The goal of BESC’s Congressional Visits Day is twofold. First, we were there to put a human face on NSF funding–too often federally funded research gets caricatured and lambasted by politicians whose mental image of a scientist is likely something along the lines of a Revenge of the Nerds protagonist in a lab coat. Having a collection of business-attired biologists with a polished pitch on how their federally funded research achieves real world impacts leaves a lasting impression. Second, and more concretely, we were there to ask for $8 billion in funding for NSF for fiscal year 2017. If that seems like a lot to you, consider the following three facts: (1) $8 billion is $2.44 billion less than the cost of a single Ford-class aircraft carrier, (2) proposal funding rates at NSF have fallen over the last decade by a third, and (3) the NSF would need an additional $4 billion to fund all proposals deemed meritorious (average review of ‘very good’ or higher).

(l to r) Mychajliw, Kastl, Tirman and Treuer outside the US Capitol

(l to r) Mychajliw, Kastl, Tirman and Treuer outside the US Capitol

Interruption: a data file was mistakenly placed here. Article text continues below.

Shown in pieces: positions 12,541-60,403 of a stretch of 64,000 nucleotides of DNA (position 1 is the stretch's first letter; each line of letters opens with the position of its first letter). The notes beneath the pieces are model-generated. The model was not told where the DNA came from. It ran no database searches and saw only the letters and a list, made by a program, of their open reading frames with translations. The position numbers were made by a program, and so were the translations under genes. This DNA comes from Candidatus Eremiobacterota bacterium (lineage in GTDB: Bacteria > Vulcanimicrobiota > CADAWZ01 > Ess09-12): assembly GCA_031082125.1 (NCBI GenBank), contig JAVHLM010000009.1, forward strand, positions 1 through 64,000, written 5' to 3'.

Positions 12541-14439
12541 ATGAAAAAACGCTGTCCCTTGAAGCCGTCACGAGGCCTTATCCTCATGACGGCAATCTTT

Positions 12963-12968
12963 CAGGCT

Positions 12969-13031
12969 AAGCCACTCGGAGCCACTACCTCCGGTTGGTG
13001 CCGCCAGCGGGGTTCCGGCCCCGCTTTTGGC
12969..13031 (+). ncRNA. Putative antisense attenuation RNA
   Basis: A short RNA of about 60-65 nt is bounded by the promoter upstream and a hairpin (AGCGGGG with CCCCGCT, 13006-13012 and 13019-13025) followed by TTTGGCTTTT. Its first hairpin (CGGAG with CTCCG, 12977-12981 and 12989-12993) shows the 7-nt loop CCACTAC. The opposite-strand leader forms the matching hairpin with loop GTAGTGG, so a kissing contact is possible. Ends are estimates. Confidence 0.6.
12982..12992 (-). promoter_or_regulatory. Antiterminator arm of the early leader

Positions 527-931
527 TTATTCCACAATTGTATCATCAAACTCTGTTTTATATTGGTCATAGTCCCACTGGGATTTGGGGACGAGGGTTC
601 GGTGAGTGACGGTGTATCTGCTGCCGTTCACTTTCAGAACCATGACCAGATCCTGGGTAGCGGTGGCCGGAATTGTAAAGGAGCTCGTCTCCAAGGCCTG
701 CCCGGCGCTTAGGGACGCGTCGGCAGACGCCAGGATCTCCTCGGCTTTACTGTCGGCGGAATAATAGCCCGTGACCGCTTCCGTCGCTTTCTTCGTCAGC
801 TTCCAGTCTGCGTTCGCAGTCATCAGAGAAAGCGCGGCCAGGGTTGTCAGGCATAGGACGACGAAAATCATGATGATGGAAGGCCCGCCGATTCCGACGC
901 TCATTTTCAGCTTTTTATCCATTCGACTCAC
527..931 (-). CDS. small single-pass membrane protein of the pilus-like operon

The meeting with Sen. Murkowski’s staff started off in what by that point felt like a familiar routine. We went around our table introducing ourselves, giving a one line explanation of who we are, what institutions we are affiliated with, and what our field of research is (or in the case of our chaperone-extraordinaire, Terence Houston of ESA, what exactly a BESC Congressional Visit Day is). The other Alaskan (Kristina Tirman of the delightfully alliterative Sitka Sound Science Center) and I then had a chance to dive in a little more depth into the NSF-supported projects that we work on. In my case, this meant a couple sentences about my overall dissertation research on the forces shaping forest structure and community composition in regenerating tropical dry forest in Costa Rica (or as I tended to put it that way “I study what plant and animal species show up in different patches of young forest in Costa Rica–a critical question for managing a highly imperiled but incredibly diverse ecosystem”). And then a longer explanation of the part of my dissertation that was awarded an NSF Doctoral Dissertation Improvement Grant (DDIG). That chapter of my thesis focuses on utilizing arrays of microphones to tease out fine scale habitat and inter-species associations of vocalizing species by triangulating the location of individual calling organisms. These microphones are synced by GPS receivers to the nearest millisecond to allow for very precise localization based on the differential time of arrival of animal calls at each mic, allowing the creation of 3-D ‘acoustic maps’ of each patch of forest. A very similar system is actually already being deployed in many large American cities to rapidly notify authorities of the source location of gunfire or other explosions. The practical application of my DDIG supported research is thus more along the lines of generating large datasets that provide useful insights into the management of endangered species, as well as creating a model for cheaper, less invasive, and more accurate mode of monitoring wildlife populations in remote areas (like most of Alaska!).